Evaluating New Business Opportunities in 3 Steps for Aspiring Entrepreneurs

In 2024, everybody wants to be their own boss. The opportunity has never been greater for an individual to control their own destiny and start a business. So how can you break into this modern American dream and start a business for yourself? The key is spotting the right opportunity. With this article we wanted to share our thought process for helping you evaluating new business opportunities that will set you up for success when starting a business. We’ve broken this down into a simple 3 step process you can follow. Let’s dive in!

Criteria #1 – Are You Solving a Problem?

This first step is a litmus test to get you started. It may seem obvious, but you need to solve a problem and meet a customer’s need. This is business 101, and non-negotiable. Whether this is a product (“I need to eat when I’m hungry”) or a service (“I need an expert to install my dishwasher”) – the basic idea is that your business plan should start with the problem you are solving and how your business offers value towards creating the solution.

What are examples of BAD business ideas:

  • “We think this will be really cool or unique”
  • “Our innovative design does XXXX”

Focus on the problem you solve.

Milestone:  Business Unique Selling Proposition (“USP”)

  • Who is your target customer?
  • What is their problem or need?
  • How do you solve this as a business?
  • What is the value to that customer?

Let’s do a simple example for a smoothie shop:

  • Who is your target customer?
    • Individuals that value health and high-quality food options
  • What is their problem of need?
    • Most food options are fast and poor quality. These individuals seek higher quality and higher nutritional food options.
  • How do you solve this as a business?
    • At The Smoothie Shop, we offer high quality smoothies with the best ingredients, and we provide convenience with our 5 minute average checkout to delivery time in the restaurant.
  • What is the value to that customer?
    • High-quality food
    • Time
    • Price

Criteria #2 – Is Your Idea Unique & Can You Take It to Market?

Once you have identified the target customer and the problem you will solve, you will want to shift to market research to make sure it’s viable. The good news is that there are tons of resources online to help you with this step! You should focus on building a knowledge base around your core idea in step 1, and using this market research to help you guide your strategic positioning we will talk about in the next section. Activities that will help you validate your idea:

Competitor Research

  • Identify at least 5 businesses you would identify as competitors OR similar businesses in a different market (IE If you are a pizza parlor, benchmark other cities)
  • How big are these businesses? Total revenue? Total employees?
  • What is their business model? How do they charge for services?
  • How are they promoting their business? What channels are they using – search engines, social media, etc.

Competitive Advantage Mapping

  • Based on the research above, can you offer a compelling service to beat the competitors you listed?  (“Convince me like I was your stubborn uncle”)
  • Do you have a way to make your business stand out?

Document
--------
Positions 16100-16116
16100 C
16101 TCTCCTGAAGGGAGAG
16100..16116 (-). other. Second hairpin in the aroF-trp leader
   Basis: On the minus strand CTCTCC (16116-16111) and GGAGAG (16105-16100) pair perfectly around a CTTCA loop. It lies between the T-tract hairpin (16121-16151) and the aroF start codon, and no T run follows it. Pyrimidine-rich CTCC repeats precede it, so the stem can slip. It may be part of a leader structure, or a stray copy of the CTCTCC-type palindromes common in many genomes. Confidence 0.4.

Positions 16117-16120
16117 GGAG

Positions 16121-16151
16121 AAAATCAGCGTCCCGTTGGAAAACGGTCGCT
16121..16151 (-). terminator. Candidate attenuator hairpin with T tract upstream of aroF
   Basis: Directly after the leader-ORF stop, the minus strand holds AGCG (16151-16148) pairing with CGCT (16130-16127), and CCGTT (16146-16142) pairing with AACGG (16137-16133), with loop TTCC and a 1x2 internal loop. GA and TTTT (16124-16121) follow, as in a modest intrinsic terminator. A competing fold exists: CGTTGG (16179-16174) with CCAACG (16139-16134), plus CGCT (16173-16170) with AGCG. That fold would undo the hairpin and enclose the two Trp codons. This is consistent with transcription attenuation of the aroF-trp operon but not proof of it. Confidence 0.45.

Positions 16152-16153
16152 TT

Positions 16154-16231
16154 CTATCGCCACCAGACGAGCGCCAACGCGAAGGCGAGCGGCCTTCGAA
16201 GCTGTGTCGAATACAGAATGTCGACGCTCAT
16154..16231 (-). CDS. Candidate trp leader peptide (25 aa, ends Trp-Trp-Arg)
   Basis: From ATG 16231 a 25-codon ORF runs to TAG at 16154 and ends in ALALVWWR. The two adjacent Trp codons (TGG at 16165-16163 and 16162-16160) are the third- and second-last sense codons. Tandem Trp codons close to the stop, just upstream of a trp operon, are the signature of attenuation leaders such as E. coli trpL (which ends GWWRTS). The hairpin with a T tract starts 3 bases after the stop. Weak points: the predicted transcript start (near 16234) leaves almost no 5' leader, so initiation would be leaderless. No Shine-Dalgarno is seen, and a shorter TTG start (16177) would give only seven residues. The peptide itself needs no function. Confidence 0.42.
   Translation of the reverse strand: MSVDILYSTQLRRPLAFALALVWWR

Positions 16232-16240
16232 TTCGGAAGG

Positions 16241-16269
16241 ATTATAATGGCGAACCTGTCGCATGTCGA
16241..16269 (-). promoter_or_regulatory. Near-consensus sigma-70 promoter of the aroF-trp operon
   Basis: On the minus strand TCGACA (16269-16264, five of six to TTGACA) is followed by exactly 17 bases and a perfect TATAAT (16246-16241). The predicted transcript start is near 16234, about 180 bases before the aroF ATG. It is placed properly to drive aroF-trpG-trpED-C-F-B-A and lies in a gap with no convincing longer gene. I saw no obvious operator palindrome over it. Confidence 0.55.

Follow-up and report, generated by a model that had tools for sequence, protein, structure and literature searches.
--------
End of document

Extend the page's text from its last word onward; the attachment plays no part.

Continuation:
• Write down all the ways your business will stand apart from the competitors you listed in #1 above.

Criteria #3 – Do You Have The Resources to Launch Your Idea?

So you’ve made it this far, which means you have a problem you are solving, the idea is unique, and you have done your research on the market to see how you can compete. So the last step, is do you have the resources to take the idea to market?

Do you have a good name that is not trademarked?

  • You need to make sure you have a good business name, and that you are not tramping on someone else’s intellectual property or trademark.
  • If you have a specific name in mind, you can quickly check by searching your name in the US Patent and Trademark Office, or the USPTO.
  • Finally, do some checking in Google and LinkedIn to see if you find any other companies with the same name or a similar positioning.

Do you have the financing available to launch your business?

  • You need to make sure that you have the proper cash structure to execute your idea.  And what is the cash flow plan to become profitable?
  • How do you charge for your services or products?
  • Can you make money? Will people pay for your solution?
  • Write down a financial summary looking at your first 2 years in business. List your start-up costs for equipment, property, people, etc. Next, list out the potential sales you will achieve and start mapping when you can be profitable.

Go Out and Prove It

At the end of the day, you need to have income to sustain your business. And this starts with sales.  Almost every successful entrepreneur will either be good at selling, or resourceful enough to find someone who can do it for them. If you are truly serious about starting a business the best thing you can do is go out to the world and stress test your selling.

Try to close your first customer.  If you are building a product, pitch it and see if you can get an early commitment for an order. And plan on rejection, even many times over before you succeed.  This is how it works, and it’s something every new business owner will need to tackle.

Now, It’s Your Turn

Evaluating new business opportunities can seem like a dream. The brain kicks in dopamine and we feel good thinking about all the glory of working for ourselves.  But it’s difficult, and you must focus on making sure you have a viable business plan before you quit your job. If you find this blog insightful, we would love to hear from you! Drop us an email at info@smallbizsetup.com and let us know any feedback or your favorite tip from this article.